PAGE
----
“These are mostly students ages fifteen and sixteen, who are high-risk,” says Walker. “Many of them are either in juvenile detention or on probation, so they need lots of support.” Walker explains that the goal for mentors, most of them being college students (many from SFSU), is to provide company and address the needs accordingly for the purpose of mental health. This approach makes their kids obtain a feeling of empowerment, for the betterment of the community.

Walker claims that success is not measured by tracing the magnitude of the student, but by embedding in them that they can give something back. The importance is in planting that seed, and that the effect is unpredictable. Whether ready and immediate or sometime later, that is where success can be attributed.

Yet, to draw from inspirations that follow strenuous experiences also makes it crucial to “nip it in the bud,” meaning that students can be prevented from having to confront any rigors relevant to their education by themselves entirely. In one such example, Ben Buis comprehends the significance to be the first in the family to attain the goals that their preceding generations came short of, and therefore makes the mission of the program a part of his personal effort.
“I struggled through college,” says Buis. “There was no influence to help me through it, both financially and academically, so my need to teach and serve the program is to help the students in these types of situations.”

At Risk Youth
Ana Maria Sauthoff, Program Manager at SMART, instructs students to their next activity, Oct. 3 ,2011. SMART is an after school program that provides a learning space for selected students to develop academic skills with the help of college student volunteers.

Where as Sato overlooks and handles partnerships with schools, other educational organizations, and families associated with SMART, Buis contributes his part by ensuring that the mentoring and the program fulfills and educates the students based on their needs. “I’ve always tried to assist students directly in what they need,” says Buis. “While we try to support them academically, it also counts to support them socially and emotionally.”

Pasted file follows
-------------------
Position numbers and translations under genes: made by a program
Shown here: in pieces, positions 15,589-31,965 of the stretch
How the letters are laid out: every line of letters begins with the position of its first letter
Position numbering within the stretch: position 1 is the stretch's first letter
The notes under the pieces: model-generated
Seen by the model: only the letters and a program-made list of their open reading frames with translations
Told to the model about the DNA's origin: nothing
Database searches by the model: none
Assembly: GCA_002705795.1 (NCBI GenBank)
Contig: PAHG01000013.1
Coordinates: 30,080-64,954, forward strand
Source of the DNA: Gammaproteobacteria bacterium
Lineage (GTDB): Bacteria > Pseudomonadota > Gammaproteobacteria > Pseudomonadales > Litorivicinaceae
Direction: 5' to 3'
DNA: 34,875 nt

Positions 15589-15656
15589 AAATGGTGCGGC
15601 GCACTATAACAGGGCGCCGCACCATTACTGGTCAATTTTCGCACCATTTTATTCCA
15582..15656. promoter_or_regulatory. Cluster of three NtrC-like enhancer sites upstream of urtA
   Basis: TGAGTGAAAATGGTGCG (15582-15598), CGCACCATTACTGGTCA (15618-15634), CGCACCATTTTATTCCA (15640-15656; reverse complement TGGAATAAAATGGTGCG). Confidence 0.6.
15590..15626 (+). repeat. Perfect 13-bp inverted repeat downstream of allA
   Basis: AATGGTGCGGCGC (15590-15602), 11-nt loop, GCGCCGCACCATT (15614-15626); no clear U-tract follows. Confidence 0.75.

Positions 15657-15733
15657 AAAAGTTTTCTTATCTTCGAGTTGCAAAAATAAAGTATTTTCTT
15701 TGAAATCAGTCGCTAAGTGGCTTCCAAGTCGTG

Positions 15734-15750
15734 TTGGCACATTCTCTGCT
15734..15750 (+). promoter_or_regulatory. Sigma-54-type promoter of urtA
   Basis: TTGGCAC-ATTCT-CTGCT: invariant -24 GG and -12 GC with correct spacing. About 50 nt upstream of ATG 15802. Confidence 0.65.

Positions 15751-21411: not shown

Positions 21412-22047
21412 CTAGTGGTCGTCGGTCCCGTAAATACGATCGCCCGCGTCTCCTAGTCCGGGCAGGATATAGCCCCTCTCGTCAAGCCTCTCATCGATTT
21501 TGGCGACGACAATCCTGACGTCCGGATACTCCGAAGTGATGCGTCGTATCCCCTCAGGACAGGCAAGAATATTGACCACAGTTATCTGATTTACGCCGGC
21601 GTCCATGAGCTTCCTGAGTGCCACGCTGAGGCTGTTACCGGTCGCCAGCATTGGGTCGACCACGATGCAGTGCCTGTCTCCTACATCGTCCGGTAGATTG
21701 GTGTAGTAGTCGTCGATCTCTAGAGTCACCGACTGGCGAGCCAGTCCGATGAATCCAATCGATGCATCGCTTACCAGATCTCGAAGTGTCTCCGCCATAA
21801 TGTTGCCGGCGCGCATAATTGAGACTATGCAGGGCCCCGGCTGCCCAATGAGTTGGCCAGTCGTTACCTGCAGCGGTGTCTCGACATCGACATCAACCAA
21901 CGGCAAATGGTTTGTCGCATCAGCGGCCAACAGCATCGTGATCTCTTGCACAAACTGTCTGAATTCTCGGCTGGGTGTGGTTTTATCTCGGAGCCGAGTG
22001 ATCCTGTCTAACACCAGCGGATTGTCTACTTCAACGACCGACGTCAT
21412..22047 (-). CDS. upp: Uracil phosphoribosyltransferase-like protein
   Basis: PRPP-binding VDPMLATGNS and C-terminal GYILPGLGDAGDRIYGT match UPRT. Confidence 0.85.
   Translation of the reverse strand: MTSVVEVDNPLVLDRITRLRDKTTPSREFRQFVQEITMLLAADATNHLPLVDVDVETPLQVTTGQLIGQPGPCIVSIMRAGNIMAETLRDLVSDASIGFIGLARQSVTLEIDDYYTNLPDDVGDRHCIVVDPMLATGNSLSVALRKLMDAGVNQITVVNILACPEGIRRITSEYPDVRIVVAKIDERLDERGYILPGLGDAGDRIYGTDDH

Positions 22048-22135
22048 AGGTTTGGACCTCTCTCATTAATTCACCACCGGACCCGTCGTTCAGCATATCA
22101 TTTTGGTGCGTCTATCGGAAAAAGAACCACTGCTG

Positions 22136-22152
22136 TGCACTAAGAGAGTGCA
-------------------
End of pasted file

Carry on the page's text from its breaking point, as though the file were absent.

It would be inaccurate to try and pinpoint that academic opportunities have greatly risen for many more students, diminishing the crowd that is have not obtained a high school diploma. The U.S. Department of Education (through the National Center for Education Statistics) charts that from 2000 to 2008, the average freshman graduation rate for public high school students has remained at an average of about seventy-three and a half percent. That’s almost three out of four students, a figure that is similar to the proportion in California.

A middle ground has to exist between the student and those interacting with the student. Where family and teachers have come up empty-handed, mentors are there to trace the source when all else has fallen short.

“Mentors are aware that this can be a scary world for these youths,“ says Walker. “While they are motivated and push college mentally, they understand that these kids need to be kept company for mental health.” Walker notes that within the program, it is essential for mentors to respect the needs of the youth.

At Risk Youth
Students at the SMART program in San Francisco, Calif., interact with one another playing activities before they meet with tutors who help them with homework. SMART is an after school program that provides a learning space for selected students to develop academic skills with the help of college student volunteers.

“In this way, mentors are also learning from the kids,” he says. Metaphorically, biology would liken this sort of rapport as a form of symbiotic relationship of mutualism.

“Many of our [SFSU mentor] students have been able to move forward in their careers,” Walker says of the program mentors over the years. “Many are now probation officers, police officers, lawyers, Juvenile Hall counselors, community service providers, moved on to get their masters, etc.”

Most of their jobs entail working with youth and helping them in many different roles. So despite the dismal job market, now it is more important for mentors to get first hand experience to compete with others. Education does not appear to be enough, according to Walker’s observations.

“Academics have been faulty, but these are students who want to learn,” says Sato, “The idea is to let them venture, [something] parents can sometimes have a hard time understanding.” She explains that each program has a role to play, to make their students reach a full potential.

Granted, not many programs can become readily available to the needs of any struggling student, but staff members work to minimize in taking no for an answer. Not to mention that any effectiveness can only come from the dedication of a staff. Denying the “no” comes from several fronts; from the governments and bureaucracies that cut the funding, from teachers and faculties who have given up, and from parents who do not believe in the causes and probabilities of higher education.

Nevertheless, bearing in mind any instances of program success, maybe they can collectively influence the attention of the general public. In a positive manner, it can raise the hope that more doors can be opened for under-privileged and at-risk youths, bringing down that percentage and giving a national dilemma a path towards resolution, starting in San Francisco.